Following lunch we again boarded the boat and meandered along the river stopping at the Tombs of Kaunos. These impressive tombs were carved high on the cliff face overlooking the ancient city if Kaunos between the 9th. and 4th. Centuries B.C. Each tomb took a long time to carve with workman beginning at the top of the tomb and chipping their way downwards. Evidently, when a new king ascended the throne the work of carving his tomb commenced. It would be somewhat forboding and perhaps unsettling to see your final resting place taking shape throughout your reign I imagine.

We then headed further along the river to the an area that is protected as a breeding ground of the caretta caretta (loggerhead turtles). The turtles only make land at night to lay eggs but during the day can be enticed to the surface with a feed of blue crabs. We saw one of the turtles and then continued our boat journey to a peninsula where the river and sea meet. The spot was impressive even on a cold, grey, windy day but unfortunately the setting was not enough to lure us in for a swim.

Our journey home then commenced. A little quieter this time, much like the homeward journey following a school camp. Overall the mud baths and rock tombs made the trip a worthwhile exercise but the tour itself left us a little lukewarm.

Posted by 50inturkey 21:14 Archived in Turkey Comments (0)

Unfazed in Fethiye

Fethiye - Turquoise Coast, Turkey

sunny 26 °C
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The journey from Olympos to Fethiye is akin to a Great Ocean Road drive. The bus trips from Olympos to Kas and Kas to Fethiye snaked along the Turquoise Coast rewarding us with views of azure blue coves, snow-capped mountains and off-shore islands. It took almost 5 hours to cover the winding route of about 250kms but the views made the journey easy. On passing through Kas we regretted having bought tickets straight through the Fethiye as it looked like a very pretty little seaside town. We have put this on our ‘to do’ list for a return visit.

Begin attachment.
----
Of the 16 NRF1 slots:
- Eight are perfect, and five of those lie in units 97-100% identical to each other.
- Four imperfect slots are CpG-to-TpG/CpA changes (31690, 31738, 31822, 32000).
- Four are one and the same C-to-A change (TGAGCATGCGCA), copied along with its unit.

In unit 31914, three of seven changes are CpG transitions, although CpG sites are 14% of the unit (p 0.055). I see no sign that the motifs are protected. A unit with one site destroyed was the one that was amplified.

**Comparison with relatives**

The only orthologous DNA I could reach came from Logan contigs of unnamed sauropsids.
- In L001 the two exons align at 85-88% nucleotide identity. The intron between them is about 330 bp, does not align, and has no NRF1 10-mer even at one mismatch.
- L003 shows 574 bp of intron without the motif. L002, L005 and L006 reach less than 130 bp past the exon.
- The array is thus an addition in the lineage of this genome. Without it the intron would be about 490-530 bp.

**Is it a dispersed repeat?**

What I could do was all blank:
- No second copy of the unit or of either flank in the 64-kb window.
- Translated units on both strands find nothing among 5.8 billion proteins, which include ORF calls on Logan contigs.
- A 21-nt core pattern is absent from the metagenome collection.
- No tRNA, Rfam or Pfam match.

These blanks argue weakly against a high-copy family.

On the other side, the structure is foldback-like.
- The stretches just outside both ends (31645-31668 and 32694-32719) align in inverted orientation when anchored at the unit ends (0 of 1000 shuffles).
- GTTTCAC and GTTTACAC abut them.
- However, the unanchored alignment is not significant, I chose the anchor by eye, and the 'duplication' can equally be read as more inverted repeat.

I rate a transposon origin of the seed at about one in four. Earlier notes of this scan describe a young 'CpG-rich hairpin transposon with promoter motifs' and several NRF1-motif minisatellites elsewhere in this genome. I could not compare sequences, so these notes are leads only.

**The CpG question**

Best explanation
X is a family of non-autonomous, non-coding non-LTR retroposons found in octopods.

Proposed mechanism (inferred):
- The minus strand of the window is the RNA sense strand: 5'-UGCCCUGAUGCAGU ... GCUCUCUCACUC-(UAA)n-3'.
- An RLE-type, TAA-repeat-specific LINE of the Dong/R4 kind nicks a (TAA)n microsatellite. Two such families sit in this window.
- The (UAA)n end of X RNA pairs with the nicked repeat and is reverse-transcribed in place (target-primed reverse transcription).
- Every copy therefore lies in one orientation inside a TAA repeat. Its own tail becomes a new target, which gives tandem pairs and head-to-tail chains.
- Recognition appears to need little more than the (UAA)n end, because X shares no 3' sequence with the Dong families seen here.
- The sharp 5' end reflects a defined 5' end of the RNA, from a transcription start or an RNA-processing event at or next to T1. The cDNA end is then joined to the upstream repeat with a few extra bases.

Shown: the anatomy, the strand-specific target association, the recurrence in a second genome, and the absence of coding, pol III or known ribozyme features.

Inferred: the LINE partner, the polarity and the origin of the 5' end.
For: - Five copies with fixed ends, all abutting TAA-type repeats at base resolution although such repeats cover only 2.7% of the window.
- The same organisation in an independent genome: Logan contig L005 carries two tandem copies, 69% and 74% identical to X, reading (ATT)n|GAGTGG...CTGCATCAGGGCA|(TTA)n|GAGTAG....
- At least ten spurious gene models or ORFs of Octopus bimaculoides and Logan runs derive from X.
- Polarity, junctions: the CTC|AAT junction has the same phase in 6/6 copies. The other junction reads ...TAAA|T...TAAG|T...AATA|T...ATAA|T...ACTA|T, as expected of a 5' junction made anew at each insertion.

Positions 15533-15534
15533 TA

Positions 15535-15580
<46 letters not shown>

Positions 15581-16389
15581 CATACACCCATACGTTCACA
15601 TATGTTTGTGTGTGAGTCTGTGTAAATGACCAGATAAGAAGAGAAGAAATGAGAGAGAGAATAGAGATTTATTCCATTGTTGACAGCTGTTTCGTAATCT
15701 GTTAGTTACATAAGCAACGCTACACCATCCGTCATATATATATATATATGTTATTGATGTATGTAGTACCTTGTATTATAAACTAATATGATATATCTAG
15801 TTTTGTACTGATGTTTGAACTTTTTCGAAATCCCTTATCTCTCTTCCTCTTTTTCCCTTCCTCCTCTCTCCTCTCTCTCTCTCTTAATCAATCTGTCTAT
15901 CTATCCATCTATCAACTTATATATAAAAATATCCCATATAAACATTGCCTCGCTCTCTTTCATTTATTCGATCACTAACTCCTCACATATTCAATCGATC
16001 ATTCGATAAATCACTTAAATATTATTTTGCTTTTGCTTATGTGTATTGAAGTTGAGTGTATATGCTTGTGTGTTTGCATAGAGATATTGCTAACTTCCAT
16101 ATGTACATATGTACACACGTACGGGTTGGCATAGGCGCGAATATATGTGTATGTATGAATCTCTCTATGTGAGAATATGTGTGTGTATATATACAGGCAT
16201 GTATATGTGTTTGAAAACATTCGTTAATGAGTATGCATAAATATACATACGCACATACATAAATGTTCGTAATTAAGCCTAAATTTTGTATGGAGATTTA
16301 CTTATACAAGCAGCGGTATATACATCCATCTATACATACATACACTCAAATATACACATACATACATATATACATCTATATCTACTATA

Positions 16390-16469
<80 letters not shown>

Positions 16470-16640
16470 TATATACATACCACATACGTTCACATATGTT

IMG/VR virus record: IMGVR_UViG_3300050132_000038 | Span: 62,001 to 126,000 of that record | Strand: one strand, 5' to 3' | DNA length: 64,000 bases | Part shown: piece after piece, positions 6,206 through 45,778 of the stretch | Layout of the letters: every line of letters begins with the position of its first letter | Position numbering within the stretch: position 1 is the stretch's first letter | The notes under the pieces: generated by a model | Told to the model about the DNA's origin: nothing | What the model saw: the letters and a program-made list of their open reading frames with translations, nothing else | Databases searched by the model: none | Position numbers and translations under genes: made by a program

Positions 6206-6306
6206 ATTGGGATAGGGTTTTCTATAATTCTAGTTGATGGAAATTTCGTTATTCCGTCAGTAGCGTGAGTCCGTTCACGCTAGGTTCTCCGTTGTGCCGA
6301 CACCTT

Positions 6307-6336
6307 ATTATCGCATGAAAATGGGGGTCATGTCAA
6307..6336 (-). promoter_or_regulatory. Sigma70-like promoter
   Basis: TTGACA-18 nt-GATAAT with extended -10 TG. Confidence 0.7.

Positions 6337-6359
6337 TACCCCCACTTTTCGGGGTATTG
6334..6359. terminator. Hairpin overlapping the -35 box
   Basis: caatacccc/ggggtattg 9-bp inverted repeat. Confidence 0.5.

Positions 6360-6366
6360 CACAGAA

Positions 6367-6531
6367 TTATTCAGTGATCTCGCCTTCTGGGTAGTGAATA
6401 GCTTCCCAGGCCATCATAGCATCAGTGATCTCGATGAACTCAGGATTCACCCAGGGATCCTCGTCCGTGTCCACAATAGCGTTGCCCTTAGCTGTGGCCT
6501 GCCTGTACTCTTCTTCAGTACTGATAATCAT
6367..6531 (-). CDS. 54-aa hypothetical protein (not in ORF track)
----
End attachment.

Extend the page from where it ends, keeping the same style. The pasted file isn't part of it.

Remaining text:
The interiors of smaller buses and taxis are often “blinged up” in some way with Turkish flags, religious iconography or charming stuffed toys. When the boys found themselves seated under a stuffed bear emblazoned with Best Friends on its chest we couldn’t help but laugh (and take photos for prosperity of course).

Fethiye is the largest place we have been in since leaving Istanbul. It was a bit of a shock at first. However, the place is fairly low key. A fishing and yachtie hub that seems to attract more than its share of English tourists (more about that in a separate entry!). Locals are often surprised that we are Australian rather than English and most prices are quoted to us in £ rather than TL or € which has been more common elsewhere.

One of the stand-outs in Fethiye was a meal at the fish markets. We were able to select our fish from the fishmongers, located in the centre of a large open courtyard, and then have it cooked for 6TL (about $3.50) at one of the many restaurants that ring the perimeter of the courtyard. Consequently, we had an absolute seafood feast the night we arrived.